Your tax return for this year will determine your Medicare premiums in two years, if you’ll be a Medicare participant then.
Since 2007, as income rises Medicare Part B premiums rise. More people will pay the higher premiums each year under the Affordable Health Care Act of 2010. Through 2010, the incomes at which the higher premiums were imposed were indexed for inflation. Now, the triggering income levels are frozen for several years. The higher premiums are labeled a surtax.
The IRS receives your 2010 tax return in 2011 and transmits the modified adjusted gross income (MAGI) to Social Security. Social Security processes the information and sometime around mid-November 2011 tells you the monthly Medicare premium you’ll pay in 2012. If you filed a 2010 tax return late or not at all, your previous most recent return will be used to compute the premiums.
It can make sense to reduce MAGI when it is near one of the breakpoints for higher Part B premiums. MAGI is the adjusted gross income on your tax return (the last line on the first page of Form 1040) increased by tax-exempt interest, EE savings bond interest used for education expenses, and excluded foreign earned income. Itemized deductions on Schedule A, such as mortgage interest and charitable contributions, don’t reduce MAGI.
Capital gains, annuity income, IRA distributions, and dividends all are included in MAGI.
For 2010, the standard monthly Part B premium is $96.40 for those whose premiums are withheld from Social Security and $110.50 for all others. The 2011 amounts will be announced soon.
The surtax begins for single taxpayers with MAGI of $85,000 and married couples filing jointly with MAGI of $170,000. Premiums rise on a sliding scale as income rises, until beneficiaries with the highest MAGI pay 80% of the per capita estimated cost of Part B. See the table nearby for the breakpoints and premiums for 2010. The 2011 premiums should be announced soon.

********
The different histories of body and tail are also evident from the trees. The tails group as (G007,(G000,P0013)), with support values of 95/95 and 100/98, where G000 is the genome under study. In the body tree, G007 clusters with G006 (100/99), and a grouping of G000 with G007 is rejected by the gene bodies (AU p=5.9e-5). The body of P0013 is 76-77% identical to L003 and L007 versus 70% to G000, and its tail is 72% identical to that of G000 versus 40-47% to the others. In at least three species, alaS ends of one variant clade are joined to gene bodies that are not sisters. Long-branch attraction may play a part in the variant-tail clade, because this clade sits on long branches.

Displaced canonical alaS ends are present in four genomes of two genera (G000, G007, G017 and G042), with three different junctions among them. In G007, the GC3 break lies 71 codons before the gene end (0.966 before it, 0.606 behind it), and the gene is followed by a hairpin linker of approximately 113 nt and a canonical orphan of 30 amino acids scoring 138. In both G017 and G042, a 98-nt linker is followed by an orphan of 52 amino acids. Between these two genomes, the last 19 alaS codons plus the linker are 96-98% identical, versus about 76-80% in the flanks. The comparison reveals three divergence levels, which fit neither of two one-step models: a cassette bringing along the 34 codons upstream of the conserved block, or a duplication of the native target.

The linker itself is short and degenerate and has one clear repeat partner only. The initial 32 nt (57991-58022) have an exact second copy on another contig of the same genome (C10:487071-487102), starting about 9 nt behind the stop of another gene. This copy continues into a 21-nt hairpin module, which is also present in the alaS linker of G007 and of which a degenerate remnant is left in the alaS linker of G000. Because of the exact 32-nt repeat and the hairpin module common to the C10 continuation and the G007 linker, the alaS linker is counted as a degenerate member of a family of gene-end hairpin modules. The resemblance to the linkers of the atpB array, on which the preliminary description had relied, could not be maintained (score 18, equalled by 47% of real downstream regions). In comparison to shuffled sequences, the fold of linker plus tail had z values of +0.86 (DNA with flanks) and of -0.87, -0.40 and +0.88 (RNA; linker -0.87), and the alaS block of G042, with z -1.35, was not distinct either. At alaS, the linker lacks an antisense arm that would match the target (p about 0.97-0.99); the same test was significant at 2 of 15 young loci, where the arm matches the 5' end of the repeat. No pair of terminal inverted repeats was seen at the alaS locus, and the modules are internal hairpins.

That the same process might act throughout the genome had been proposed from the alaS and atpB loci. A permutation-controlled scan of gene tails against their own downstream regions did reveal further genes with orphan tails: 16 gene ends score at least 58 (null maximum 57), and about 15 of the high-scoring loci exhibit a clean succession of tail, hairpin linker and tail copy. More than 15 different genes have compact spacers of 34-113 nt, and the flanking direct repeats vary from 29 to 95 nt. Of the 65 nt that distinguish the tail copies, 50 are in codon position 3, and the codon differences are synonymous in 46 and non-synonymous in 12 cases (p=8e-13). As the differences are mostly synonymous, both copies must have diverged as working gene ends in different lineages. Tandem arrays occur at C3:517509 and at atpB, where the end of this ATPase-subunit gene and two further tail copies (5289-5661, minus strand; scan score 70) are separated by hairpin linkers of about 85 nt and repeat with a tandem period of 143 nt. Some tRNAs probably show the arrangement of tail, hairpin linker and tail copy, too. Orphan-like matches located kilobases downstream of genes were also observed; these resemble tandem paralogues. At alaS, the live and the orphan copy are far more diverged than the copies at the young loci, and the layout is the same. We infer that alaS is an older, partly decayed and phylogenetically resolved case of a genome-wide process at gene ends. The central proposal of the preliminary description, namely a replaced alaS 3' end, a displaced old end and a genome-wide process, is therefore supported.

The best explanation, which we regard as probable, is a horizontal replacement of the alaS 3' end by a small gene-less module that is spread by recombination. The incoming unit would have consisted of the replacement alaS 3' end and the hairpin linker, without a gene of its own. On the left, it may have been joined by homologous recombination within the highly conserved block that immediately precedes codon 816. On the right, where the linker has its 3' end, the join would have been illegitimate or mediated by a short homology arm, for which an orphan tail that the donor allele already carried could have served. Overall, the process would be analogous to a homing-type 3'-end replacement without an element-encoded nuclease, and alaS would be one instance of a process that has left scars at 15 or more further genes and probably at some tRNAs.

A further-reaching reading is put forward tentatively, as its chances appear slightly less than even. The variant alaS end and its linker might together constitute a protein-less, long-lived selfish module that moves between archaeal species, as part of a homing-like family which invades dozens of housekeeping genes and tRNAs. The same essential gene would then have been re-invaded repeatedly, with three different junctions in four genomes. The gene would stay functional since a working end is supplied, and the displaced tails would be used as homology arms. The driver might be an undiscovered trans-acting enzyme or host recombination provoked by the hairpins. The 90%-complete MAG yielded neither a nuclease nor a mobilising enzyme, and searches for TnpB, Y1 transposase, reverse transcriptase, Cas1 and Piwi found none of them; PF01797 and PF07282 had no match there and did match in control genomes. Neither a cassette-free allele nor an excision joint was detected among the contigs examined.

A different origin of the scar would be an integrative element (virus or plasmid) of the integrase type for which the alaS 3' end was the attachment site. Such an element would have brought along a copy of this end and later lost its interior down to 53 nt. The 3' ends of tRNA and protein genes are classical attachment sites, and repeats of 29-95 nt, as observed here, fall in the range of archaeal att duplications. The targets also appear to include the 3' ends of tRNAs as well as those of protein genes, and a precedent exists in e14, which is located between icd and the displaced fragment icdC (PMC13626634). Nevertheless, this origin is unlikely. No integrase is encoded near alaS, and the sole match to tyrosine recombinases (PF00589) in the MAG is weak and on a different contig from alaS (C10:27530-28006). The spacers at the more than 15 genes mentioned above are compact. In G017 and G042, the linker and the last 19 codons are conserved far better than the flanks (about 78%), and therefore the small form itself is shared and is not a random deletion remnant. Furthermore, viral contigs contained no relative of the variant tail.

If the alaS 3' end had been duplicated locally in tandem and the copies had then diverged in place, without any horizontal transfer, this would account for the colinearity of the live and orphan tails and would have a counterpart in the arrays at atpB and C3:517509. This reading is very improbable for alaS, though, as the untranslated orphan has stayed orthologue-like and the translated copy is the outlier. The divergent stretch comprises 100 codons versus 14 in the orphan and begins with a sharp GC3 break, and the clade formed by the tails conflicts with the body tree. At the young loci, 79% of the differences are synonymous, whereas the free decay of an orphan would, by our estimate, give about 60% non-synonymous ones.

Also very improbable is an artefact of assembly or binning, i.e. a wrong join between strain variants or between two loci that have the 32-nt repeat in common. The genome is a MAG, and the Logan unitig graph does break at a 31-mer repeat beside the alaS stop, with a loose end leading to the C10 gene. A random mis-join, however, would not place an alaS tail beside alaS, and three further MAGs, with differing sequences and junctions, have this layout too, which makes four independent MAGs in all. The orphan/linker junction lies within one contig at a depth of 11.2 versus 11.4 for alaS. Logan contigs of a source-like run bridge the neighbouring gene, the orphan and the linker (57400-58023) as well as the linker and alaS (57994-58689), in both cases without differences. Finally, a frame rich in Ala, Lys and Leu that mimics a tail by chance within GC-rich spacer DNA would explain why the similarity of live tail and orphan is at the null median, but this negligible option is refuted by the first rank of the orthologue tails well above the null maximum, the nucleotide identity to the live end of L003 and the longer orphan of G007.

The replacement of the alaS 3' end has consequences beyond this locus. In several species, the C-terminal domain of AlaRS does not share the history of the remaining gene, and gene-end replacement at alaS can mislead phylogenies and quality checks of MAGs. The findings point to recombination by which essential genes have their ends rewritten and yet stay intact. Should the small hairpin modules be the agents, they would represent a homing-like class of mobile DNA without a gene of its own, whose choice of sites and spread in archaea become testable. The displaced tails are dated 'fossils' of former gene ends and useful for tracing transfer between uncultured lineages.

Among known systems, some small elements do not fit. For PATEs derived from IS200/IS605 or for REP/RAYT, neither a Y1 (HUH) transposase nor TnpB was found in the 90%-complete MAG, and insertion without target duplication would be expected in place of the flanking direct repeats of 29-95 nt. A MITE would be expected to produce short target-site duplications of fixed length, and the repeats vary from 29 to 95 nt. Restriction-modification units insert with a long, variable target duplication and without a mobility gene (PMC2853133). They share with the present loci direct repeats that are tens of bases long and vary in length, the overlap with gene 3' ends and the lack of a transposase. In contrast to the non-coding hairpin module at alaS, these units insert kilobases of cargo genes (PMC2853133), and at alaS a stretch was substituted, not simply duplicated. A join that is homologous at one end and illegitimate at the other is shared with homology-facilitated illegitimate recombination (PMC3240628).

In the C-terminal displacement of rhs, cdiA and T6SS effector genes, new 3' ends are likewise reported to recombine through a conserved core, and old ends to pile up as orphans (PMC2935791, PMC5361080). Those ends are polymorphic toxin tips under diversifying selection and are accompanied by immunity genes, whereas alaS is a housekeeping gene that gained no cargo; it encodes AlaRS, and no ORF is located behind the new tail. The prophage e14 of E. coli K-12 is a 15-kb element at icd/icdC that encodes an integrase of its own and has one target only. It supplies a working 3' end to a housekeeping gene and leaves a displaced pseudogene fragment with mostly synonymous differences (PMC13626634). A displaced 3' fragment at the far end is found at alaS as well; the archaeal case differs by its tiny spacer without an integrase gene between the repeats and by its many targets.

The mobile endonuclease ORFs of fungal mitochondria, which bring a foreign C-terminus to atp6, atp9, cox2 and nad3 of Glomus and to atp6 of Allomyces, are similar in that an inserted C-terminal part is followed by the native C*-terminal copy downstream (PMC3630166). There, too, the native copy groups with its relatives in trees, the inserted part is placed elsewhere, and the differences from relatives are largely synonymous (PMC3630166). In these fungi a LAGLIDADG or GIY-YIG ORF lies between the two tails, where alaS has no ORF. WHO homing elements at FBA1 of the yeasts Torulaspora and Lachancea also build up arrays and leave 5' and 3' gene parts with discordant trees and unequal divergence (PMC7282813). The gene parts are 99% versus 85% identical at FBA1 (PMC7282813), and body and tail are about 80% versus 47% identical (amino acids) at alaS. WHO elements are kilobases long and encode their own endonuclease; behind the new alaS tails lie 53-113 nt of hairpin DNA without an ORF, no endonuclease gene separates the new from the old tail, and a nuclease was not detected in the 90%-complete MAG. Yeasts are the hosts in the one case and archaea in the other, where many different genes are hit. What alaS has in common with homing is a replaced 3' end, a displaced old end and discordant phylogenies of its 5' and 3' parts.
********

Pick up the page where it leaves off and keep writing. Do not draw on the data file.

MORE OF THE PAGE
A few strategies can help you reduce or eliminate the Medicare surtax.
– Limit withdrawals from retirement plans and annuities to only the amounts needed for spending and required by law or contract. Avoid selling assets that would increase capital gains in taxable accounts, except to the extent you need the cash to meet your spending needs.
Naturally you don’t want to avoid selling assets that should be sold under your portfolio strategy just to avoid the Medicare surtax. But when considering a sale, keep in mind that higher Medicare premiums could be part of the cost of selling.
– You can shelter capital gains and up to $3,000 of other income by selling capital assets with losses.
– You may be able to generate deductible losses from business activities. You have to run the activity like a real business, not a hobby, to meet the IRS’s rules for deducting losses. But losses from businesses can be deducted against other income and reduce your MAGI. The losses are deducted directly on your tax return when they are generated through a sole proprietorship or a pass through entity such as a partnership, limited liability company, or S corporation.
||If Your Modified Adjusted Gross Income Is:
||$85,000 or less
||$170,000 or less
||$85,001 – $107,000
||$170,001 – $214,000
||$107,001 – $160,000
||$214,001 – $320,000
||$160,001 – $213,000
||$320,001 – $462,000
Your ability to avoid the surtax does not end when the tax return is filed. You may be able to reduce the surtax through an appeal when you show that since the tax return was filed your financial situation changed for the worse.
A change in marital status is the most common reason for an appeal. The change could be marriage, divorce, or widowhood. You’ll need to prove both the change in marital status and that in resulted in a lower MAGI.
Other changes that are likely to lead to successful appeals and premium reductions are retirement, not working for other reasons, and a reduction in working hours by you or your spouse. The changes can be voluntary or involuntary as long as they result in lower income in the current year than was reported on your return two years earlier.
What if you had a one-time increase in your income in 2010, such as a large capital gain, distribution from a retirement account, or even conversion of a traditional IRA to a Roth IRA? These won’t result in a successful appeal. Since each is a one-time event, it will increase Part B premiums for only one year. A tax benefit of converting to a Roth may be that it reduces or eliminates your surtax for all future years.
If you file an amended tax return after the IRS sent its data to Social Security, you can appeal using the amended tax return data.
Details of how to appeal the higher premium are in the letter announcing the premium.
November 2010 RW.